Hag no longer listened, nor did he turn around again, but pressed his calves against the horse’s belly. He rode further doggedly.
After a while, Craig, who had been watching him, asked softly: “And what’s your version? Answer the question exactly, because I already know what happened. Just not how you think about it.”
“I don’t know,” Hag the Falcon replied unhappily. “It was bizarre, somehow unreal. We wanted to attack Ruorim, but he stopped us with magic. And then suddenly Weylin was there – and followed him. Ruorim said...”
“Keep talking,” the Dracon asked him when Hag didn’t finish the sentence.
“Ruorim said that Weylin was free...” he whispered weakly.
“And what do you think?”
“It would be... possible. Menor is blind to love, but maybe I let myself be influenced. Maybe Ruorim just let me see what I should see.”
“But perhaps Menor, just like you, doubts whether it wasn’t the truth that you saw. But he clings to an insane hope because he doesn’t want to give up. I have often observed this type of self-protection in humans. This is part of your strong will to live, albeit a completely illogical behavior. I would never be able to do it.” Craig rubbed his protruding chin. “Menor wants to sacrifice everything he believes in for a love that will never be fulfilled. Sometimes... I doubt the sense of my search.”
“You’re not alone with that,” Hag said. “So many are looking for love and only find doubts.” He glanced sideways at Craig and asked cautiously: “But were you really just searching? I mean, because of your daughter Nightsong who, as you say, is a half-blood.”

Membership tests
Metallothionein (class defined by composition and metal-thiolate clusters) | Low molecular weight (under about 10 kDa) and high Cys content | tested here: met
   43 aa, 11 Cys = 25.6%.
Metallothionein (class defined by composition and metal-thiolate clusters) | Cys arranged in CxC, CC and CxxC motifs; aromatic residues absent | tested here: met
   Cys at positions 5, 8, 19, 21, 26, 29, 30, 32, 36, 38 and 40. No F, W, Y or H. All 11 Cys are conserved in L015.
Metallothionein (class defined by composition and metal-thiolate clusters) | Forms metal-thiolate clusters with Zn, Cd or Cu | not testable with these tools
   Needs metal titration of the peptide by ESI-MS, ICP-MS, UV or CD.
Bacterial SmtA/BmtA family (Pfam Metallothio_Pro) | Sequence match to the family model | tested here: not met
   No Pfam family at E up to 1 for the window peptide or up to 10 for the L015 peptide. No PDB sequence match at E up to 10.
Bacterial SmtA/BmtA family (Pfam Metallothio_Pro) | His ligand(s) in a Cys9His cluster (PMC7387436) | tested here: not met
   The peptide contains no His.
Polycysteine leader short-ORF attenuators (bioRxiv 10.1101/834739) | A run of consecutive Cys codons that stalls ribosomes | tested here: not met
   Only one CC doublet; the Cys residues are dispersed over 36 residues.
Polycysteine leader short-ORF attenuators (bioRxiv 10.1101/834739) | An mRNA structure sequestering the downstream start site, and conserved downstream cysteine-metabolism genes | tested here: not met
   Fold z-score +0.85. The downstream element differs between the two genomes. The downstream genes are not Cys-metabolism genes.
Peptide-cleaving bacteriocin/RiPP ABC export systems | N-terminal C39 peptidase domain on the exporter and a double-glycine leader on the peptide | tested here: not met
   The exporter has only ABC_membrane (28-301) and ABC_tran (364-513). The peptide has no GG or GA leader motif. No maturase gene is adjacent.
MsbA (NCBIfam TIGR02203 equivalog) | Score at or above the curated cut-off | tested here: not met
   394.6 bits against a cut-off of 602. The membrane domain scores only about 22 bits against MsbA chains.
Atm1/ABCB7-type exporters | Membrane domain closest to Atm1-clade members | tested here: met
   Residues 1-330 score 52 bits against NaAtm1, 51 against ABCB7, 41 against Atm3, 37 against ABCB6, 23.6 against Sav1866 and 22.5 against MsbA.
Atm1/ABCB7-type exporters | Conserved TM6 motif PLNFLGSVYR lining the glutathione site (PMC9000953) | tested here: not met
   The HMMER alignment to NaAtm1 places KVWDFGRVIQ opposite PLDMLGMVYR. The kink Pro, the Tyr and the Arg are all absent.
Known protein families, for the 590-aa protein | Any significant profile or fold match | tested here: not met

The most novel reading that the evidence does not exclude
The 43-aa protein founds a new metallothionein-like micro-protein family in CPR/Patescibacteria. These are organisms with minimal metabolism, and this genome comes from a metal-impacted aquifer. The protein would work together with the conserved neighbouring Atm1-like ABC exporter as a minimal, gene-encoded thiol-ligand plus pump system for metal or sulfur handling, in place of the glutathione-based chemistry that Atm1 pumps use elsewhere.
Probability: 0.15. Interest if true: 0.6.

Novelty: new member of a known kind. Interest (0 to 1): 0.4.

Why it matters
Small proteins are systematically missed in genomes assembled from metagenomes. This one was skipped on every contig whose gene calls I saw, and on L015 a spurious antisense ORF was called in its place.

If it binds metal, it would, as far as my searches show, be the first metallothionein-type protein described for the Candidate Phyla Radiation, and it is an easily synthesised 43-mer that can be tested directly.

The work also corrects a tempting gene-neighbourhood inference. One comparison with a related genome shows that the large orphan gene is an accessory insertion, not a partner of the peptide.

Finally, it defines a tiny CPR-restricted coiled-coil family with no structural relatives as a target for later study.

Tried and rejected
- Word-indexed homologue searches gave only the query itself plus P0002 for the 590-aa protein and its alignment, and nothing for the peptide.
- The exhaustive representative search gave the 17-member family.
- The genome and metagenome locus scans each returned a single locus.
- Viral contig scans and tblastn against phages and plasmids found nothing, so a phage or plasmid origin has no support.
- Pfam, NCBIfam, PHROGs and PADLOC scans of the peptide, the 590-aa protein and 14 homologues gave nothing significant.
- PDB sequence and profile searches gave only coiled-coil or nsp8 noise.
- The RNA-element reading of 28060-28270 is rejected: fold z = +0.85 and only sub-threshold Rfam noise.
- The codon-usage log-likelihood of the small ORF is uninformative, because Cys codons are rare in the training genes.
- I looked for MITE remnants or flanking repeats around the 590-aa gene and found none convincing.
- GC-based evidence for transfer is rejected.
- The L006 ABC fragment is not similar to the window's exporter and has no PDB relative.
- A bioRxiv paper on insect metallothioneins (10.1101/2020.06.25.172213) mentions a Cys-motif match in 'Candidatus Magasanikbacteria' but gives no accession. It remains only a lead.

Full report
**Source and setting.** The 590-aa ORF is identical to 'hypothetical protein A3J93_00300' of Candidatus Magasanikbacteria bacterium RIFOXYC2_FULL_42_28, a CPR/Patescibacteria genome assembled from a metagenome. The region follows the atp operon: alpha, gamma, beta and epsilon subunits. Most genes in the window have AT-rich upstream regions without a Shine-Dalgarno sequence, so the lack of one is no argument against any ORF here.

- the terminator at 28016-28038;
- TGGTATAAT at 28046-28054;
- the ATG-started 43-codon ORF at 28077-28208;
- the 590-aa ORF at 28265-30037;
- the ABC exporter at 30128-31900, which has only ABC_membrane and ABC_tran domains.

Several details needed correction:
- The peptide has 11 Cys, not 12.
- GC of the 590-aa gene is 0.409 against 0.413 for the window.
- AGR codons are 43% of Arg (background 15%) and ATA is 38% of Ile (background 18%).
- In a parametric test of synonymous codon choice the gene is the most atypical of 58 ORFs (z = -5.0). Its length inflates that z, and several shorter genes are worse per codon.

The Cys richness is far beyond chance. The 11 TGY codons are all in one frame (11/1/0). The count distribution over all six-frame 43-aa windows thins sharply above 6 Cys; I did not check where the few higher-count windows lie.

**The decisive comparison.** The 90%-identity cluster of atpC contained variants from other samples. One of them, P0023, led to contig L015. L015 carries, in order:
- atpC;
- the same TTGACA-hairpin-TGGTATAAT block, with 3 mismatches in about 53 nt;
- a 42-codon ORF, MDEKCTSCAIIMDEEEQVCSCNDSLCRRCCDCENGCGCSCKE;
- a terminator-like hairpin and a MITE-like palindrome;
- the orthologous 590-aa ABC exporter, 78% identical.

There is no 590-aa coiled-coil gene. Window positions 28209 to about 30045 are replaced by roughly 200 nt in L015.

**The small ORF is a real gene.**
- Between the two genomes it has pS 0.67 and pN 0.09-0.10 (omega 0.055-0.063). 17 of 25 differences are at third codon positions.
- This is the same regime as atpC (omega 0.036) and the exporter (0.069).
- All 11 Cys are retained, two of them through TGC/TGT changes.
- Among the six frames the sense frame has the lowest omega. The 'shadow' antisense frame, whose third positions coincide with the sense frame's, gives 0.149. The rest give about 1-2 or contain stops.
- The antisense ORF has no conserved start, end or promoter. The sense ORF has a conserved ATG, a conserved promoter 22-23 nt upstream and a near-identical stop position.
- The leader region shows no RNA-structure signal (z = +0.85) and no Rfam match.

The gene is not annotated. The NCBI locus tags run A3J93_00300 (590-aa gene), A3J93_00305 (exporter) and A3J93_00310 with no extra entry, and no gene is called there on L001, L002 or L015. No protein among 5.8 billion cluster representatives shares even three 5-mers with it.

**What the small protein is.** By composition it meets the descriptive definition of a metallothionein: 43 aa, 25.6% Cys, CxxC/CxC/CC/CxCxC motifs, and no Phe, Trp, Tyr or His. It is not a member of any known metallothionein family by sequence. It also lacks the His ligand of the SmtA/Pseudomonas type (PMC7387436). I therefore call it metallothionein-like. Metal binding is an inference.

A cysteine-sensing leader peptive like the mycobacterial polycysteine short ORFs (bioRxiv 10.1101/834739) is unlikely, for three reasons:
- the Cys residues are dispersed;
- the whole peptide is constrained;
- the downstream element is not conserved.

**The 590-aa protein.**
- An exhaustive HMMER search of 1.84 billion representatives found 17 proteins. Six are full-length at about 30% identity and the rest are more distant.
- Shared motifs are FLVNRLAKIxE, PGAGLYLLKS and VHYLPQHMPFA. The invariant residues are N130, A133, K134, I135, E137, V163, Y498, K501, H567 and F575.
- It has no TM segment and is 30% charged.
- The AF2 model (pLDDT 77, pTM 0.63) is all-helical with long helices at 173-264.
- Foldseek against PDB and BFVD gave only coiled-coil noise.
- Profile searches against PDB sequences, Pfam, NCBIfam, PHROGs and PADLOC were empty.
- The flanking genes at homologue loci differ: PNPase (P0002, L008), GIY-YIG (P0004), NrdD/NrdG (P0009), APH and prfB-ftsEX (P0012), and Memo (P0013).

Craig’s brows contracted darkly. “Mm. Might be. Maybe one day I’ll find out – but now we should turn to the target, Hag the Falcon, and somehow straighten the head of the lovelorn behind us before Wolfur Grimbold does it with his strong and hairy paw.

In the midday heat they found sparse shade under a group of trees, most of which were defoliated. The remaining, dried leaves would soon fall. No animal lived here, not even scavengers swept through the air. And even the flies hadn’t followed them any longer.
Craig distributed the rations of water, watched by Wolfur Grimbold with greedy sparkling eyes, and added a little dried fruit and dried meat. The horses also got their share of water and digestible.
Hag stretched out under a tree, not far away were lay the orc blacksmith and the Dracon. Menor huddled lonely and ruminated on himself.
“You should sleep a little,” Hag warned the friend. “We still have a lot to go. Use the time.”
“Yes, soon,” the former thief muttered.
“I might ride with Durass and the others,” Wolfur annunced growling each word. “They are probably going to have a good time on some wonderful blue lake with fat fishes.”
They originally planned for Captain Durass and his fifty Shaikan to ride with them to Aonir’s Blade. But after careful consideration, Craig had concluded that Ruorim probably was on the way to Shaikur, so he sent the army back to the fortress. It went against the grain that the dark Shaikan had cleared Norimar so quickly, and scouts had reported before leaving town that he had been seen heading southeast. “We can’t compete with the army of Raith with fifty additional soldiers.” the Dracon had explained. “It’s advisable to be as inconspicuous as possible when looking for Goren, and Shaikur may need our help.”
Durass at first didn’t want to believe that a Shaikan was going against his own people, but finally realized that it was better to count on everything.
At Wolfur’s remark, Craig replied unmoved and with his eyes closed: “If you remember, I left it up to you who you ride with.”
“And I regret my decision every hour more. But that have nothing to do with you, friends.” Wolfur scratched the tree with his back, whereupon parts of the bark fell off like old scab.
Shortly afterwards everyone fell into a faint slumber, even the horses’ heads hung with their eyes closed.

Hag startled when someone suddenly woke him up. He shook off the sleep’s paralysis and looked up at Craig’s serious face. The Dracon held the bare weapon in his right hand. Without asking long questions, Hag was immediately on his feet and also drew his sword. Wolfur had meanwhile raised the sleepy Menor.